A promo video that walks you through the sights and sounds of Treebones Resort.
San Francisco Chronicle had a writeup on Treebones, you can read the entire article here:
That about sums up a new bed and breakfast at the southern end of Big Sur called Treebones, which indeed has its own power and water supply. And where the breakfast consists of make-your-own waffles.
Treebones — the site of a former wood scavenging operation — is situated on a cliff overlooking Highway 1 and has a spectacular, 180-degree view of the Pacific. Surrounded by Los Padres National Forest, it’s about 25 miles south of Nepenthe and about 25 miles north of Hearst Castle, in the kind of remote place usually accessible only to campers. That’s where the yurts come in.
Accommodations at Treebones consist of 16 yurts — round, fabric- covered tents inspired by those used by nomads in Mongolia. But the yurts at Treebones offer polished, knotty pine floors, cozy queen-size beds with patchwork quilts, portable heaters, a clear sky dome and double doors that lock. It’s camping for the rest of us.
Below was taken from a Conde Nast article titled “A guide to Glamping Around the World“:
This is the kind of place where clients who arrive by bicycle are given a free bottle of wine from the alternative-energy-loving management. A decade ago, a family decided to make a resort inspired by the way animals live, “perched lightly on the land.” Five years of permits and two years of construction later, this collection of 16 yurts dotting 11 acres along a bluff 400 feet above the Pacific Coast runs on its own generator, has a 65-foot ocean-view bar, sources all of its veggies within 40 miles, and feeds leftovers from its California cuisine restaurant and sushi bar to 18 resident chickens. Each yurt has hot and cold running water but no showers or toilets (those are in the main house, which has heated tile floors). Guests may also pitch their own tent at Treebones’s campsites, one of which comes with an elevated “human nest” built of wood scraps and designed by a local artist. Like we said, it’s that kind of place.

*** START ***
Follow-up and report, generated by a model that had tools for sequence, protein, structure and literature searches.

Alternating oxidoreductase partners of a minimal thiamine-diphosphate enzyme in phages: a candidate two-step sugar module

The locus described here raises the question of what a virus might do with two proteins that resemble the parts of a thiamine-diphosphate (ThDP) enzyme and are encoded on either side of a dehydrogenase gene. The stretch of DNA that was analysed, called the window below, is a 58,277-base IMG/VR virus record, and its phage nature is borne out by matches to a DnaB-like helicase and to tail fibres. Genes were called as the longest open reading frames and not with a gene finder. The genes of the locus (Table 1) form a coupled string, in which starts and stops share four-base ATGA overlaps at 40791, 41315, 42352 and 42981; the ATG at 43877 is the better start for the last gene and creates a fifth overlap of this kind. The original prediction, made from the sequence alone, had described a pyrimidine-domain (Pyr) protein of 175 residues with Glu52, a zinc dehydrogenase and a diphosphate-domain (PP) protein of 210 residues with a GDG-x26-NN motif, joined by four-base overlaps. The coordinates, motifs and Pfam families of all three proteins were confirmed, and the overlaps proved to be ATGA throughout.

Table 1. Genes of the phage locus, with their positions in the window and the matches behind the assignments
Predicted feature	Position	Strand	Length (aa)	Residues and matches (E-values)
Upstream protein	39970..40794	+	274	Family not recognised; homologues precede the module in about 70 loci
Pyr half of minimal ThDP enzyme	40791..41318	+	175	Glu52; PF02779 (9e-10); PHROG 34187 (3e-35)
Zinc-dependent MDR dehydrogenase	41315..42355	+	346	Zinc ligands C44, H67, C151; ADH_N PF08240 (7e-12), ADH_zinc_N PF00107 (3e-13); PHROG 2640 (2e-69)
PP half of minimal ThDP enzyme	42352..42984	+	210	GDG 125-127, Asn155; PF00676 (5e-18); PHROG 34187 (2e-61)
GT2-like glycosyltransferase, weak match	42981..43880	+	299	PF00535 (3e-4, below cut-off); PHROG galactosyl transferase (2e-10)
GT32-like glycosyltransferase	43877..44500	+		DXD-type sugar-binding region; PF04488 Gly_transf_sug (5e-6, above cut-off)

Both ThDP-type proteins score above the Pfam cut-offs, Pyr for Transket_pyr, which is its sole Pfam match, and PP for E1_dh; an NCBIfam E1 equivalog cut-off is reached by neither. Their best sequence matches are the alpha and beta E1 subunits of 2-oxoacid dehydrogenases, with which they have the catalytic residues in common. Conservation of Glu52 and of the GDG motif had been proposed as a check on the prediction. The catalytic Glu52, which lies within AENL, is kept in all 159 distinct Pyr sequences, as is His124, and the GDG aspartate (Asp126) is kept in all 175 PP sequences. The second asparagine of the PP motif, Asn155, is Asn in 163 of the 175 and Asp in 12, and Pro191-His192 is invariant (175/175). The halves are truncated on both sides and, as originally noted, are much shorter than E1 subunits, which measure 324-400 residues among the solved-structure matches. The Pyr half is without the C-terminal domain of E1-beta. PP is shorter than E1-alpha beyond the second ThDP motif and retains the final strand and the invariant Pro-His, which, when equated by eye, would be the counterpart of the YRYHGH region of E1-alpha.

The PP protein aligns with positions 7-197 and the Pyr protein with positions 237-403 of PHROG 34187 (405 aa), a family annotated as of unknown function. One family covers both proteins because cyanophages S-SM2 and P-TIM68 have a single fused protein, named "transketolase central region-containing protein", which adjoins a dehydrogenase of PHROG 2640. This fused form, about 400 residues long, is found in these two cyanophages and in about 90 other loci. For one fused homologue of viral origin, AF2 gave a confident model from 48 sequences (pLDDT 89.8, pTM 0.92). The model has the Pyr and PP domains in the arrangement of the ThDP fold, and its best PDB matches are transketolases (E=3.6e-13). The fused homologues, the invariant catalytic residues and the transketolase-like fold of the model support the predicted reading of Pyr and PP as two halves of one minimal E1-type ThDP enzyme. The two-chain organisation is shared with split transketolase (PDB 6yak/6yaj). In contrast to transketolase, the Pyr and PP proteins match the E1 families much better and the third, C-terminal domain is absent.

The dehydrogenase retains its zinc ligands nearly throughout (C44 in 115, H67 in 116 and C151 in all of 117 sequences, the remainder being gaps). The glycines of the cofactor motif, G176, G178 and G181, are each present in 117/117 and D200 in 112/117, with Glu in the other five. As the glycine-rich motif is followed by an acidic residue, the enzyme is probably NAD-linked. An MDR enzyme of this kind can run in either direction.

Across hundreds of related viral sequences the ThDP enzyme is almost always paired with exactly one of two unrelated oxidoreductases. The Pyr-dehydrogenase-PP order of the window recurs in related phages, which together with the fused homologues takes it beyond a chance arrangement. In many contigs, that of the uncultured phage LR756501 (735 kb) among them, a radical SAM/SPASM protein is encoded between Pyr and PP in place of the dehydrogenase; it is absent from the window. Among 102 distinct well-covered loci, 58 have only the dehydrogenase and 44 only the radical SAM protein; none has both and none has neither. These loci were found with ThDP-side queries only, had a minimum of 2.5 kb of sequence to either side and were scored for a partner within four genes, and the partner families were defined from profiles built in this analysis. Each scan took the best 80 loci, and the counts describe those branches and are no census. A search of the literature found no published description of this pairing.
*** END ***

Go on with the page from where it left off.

Treebones was recently featured on TravelNerd. Below is an excerpt from that article.
“Treebones Resort perches cliffside along Highway 1, with many of its 16 yurts offering spectacular ocean and sunset views from their redwood decks. Inside, the luxuries include hardwood floors, towels and linens, hot and cold running water, electricity and gas-burning fireplaces. The pièce de résistance is their skylights, which allow guests to peer at star-filled night skies from the comfort of their queen-sized beds. Sounds of ocean waves and sea lions serve as gentle morning wake up calls.
The resort makes environmental sustainability a priority. All power comes from zero-emission turbines. Meals are served at an onsite restaurant serving veggies from the resort’s garden and eggs from the resort’s chickens, which eat the resort’s compost. The rest of the food is locally sourced whenever possible. Guests who arrive by bicycle are thanked with a free bottle of wine.
While the resort offers a heated pool, hot tub and outdoor sushi bar, it does not provide ensuite bathrooms. Visitors are encouraged to bring their own flashlights in case they need to make the 2-3 minute walk at night. The communal bathroom does, however, have private showers and changing areas.
In the high season from April to October, yurts with mountain views cost $199 per night for two people with a two-night minimum. Ocean views are $229 per night. Weekend stays cost 20% more. A breakfast buffet is included; lunch and dinner are not.
Fun fact: The resort also rents campsites, one of which offers exclusive use of a “human nest.””